( Editor: The vernacular matter printed hereunder has been omitted).
5. There is one more question which has been argued and which I should decide even here. Section 213 of the Indian Succession Act provides that no right as legatee can be established in any court unless a court of competent jurisdiction has granted probate of the will under which the right is claimed. This section creates a bar to the establishment of a right under a will by a legatee unless probate has been obtained. Counsel for the appellant urges, relying upon AIR 1962 SC 1471, that Section 213, Sub-section (1) clearly forbids the assertion of ownership by the 1st plaintiff in the suit since no probate has been obtained and produced into court. It must be said, in fairness to the plaintiff, that no such plea had been taken in the courts below. Even so, it was the obligation of the District Court, which construed Ext. D3 as a will, to see that Section 213 was not bypassed. The point, therefore, falls for consideration whether, without a probate of the will being obtained, the present suit is maintainable.
6. Counsel for the respondent drew my attention to Sections 16 and 22 of the Travancore Wills Regulation 6 of 1074 under which a will may be proved by showing that it has been deposited as provided under Part 9 of the Wills Act or by registration or by producing a probate. If the will is to take effect as a testamentary disposition, it is enough if it is proved in the manner indicated in Section 16 read with Section 22. (18 TLT 528 is authority). In the present case, Ext. D-3 has been registered and so, if the Travancore Wills Act applies, the plaintiff is not precluded from establishing his will without a probate, but the said Regulation 6 of 1074 was repealed by the Part B States (Laws) Act, 1951 which came into force on 1-4-1951. However, the said repeal does not affect the previous operation of any law so repealed or anything duly done thereunder, nor any right acquired under the law. Therefore, counsel for the plaintiff argues that he had acquired rights under Ext. P6 from his father, Isaac, long before the repeal of Travancore Act 6 of 1074. That was a time when no probate was obligatory since the will was a registered one. Therefore, he contends that in the present suit, Section 213 of the Indian Succession Act cannot be put against him. Counsel for the appellant counters this contention by stating that the crucial date to apply the law is when a will is sought to be proved not when it was made or became operative. After the Indian Succession Act became applicable to the Travancore area. Section 213 had operation even regarding wills of a prior period. This depends upon the scope and applicability of Section 213 of the Indian Succession Act.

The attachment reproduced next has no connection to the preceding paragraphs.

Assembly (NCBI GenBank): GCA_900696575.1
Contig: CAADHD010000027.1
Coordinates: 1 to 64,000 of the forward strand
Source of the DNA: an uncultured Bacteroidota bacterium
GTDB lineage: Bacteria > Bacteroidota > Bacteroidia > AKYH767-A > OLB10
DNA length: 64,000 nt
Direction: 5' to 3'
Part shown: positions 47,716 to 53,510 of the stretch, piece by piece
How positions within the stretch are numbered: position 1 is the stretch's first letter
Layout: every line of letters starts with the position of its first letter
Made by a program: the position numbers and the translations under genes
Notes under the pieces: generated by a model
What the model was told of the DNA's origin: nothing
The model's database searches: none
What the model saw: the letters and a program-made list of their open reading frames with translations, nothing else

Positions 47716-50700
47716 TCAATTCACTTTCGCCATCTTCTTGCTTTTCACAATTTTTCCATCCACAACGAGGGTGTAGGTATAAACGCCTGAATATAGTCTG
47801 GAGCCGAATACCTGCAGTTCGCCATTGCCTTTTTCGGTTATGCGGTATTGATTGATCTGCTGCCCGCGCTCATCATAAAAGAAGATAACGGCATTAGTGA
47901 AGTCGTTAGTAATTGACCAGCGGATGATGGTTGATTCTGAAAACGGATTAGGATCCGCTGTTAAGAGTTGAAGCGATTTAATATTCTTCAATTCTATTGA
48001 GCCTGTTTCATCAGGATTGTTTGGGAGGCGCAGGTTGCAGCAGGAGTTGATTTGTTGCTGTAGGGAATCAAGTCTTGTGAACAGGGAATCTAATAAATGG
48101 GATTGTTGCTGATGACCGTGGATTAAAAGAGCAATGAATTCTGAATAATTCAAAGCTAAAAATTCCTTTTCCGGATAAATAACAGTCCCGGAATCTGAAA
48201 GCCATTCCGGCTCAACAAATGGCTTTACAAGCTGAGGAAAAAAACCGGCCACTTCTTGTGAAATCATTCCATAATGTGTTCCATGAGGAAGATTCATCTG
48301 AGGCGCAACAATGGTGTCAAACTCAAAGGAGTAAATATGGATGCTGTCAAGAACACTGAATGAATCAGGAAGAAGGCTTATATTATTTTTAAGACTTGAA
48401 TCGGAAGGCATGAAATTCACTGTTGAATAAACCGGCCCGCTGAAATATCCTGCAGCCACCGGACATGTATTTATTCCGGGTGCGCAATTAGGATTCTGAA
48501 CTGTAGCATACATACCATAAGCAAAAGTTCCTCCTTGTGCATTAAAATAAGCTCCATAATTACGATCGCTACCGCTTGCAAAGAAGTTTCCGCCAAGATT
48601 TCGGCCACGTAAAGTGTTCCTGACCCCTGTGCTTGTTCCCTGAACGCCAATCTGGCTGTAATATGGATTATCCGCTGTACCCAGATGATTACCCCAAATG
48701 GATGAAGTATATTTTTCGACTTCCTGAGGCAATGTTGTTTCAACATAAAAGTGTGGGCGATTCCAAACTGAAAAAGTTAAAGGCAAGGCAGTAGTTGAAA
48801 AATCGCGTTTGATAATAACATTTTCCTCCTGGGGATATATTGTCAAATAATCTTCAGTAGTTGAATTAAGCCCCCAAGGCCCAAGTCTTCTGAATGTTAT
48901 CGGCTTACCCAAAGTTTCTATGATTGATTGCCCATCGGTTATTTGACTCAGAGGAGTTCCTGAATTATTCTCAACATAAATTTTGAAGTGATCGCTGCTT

7. In my view, Section 213(1) governs this matter. When it says that no right can be established in any court unless a court of competent jurisdiction in India has granted probate of the will under which the right is claimed, it really lays down the exclusive manner of establishing a right under a will. In short, it is processual and not substantive and, therefore, applies to wills of anterior dates which are sought to be proved on a posterior date. It may inflict hardship for a legatee who claims under a will which has been registered in compliance with the Travancore Wills Act long ago, but the law that applies being the one that prevails when the right of the legatee is sought to be established in court, the application of the Indian Succession Act cannot be inhibited. Indeed, the decision in AIR 1962 SC 1471 more or less supports this approach. I therefore hold that the appellate court when it found that Ext. D3 was a will and not a gift should have insisted upon the will being probated before a decree wag granted.
8. For the aforesaid reasons let me summarise my conclusions. Ext. D3 is a will, not a gift. It confers a life interest on the 2nd defendant in regard to properties which belonged to her husband Daniel. It did not prevent the 2nd defendant from transferring her rights in property before her death since Ext. D3 is only testamentary and contains words of disposition to take effect after the death of the testator. I further hold that if all or any of the plaint schedule properties or any interest therein belonged to the 2nd defendant she was free to transfer it under Ext. D7 to the 1st defendant and that, to that extent, Ext. D7 should not be set aside. But to the extent to which Ext. D7 included properties which belonged to Daniel at the time of his death, the said deed (Ext. D7) is invalid and is liable to be set aside. In the light of Section 213 of the Indian Succession Act I take the view that a probate of the will Ext. D3 is necessary. On these holdings, I set aside the decree of the appellate court and direct it to reconsider whether any part of the properties covered by the plaint schedule belonged to the 2nd defendant. To that extent, Ext. D7 will be upheld. I further direct the appellate court to pass a decree in favour of the plaintiff in all the three suits in the light of my findings and observations above and subject to the production of the probate granted by a competent court for the will, Ext. D3. The appeal is allowed to the limited extent indicated above and the case remitted to the lower appellate court for a fresh disposal according to law.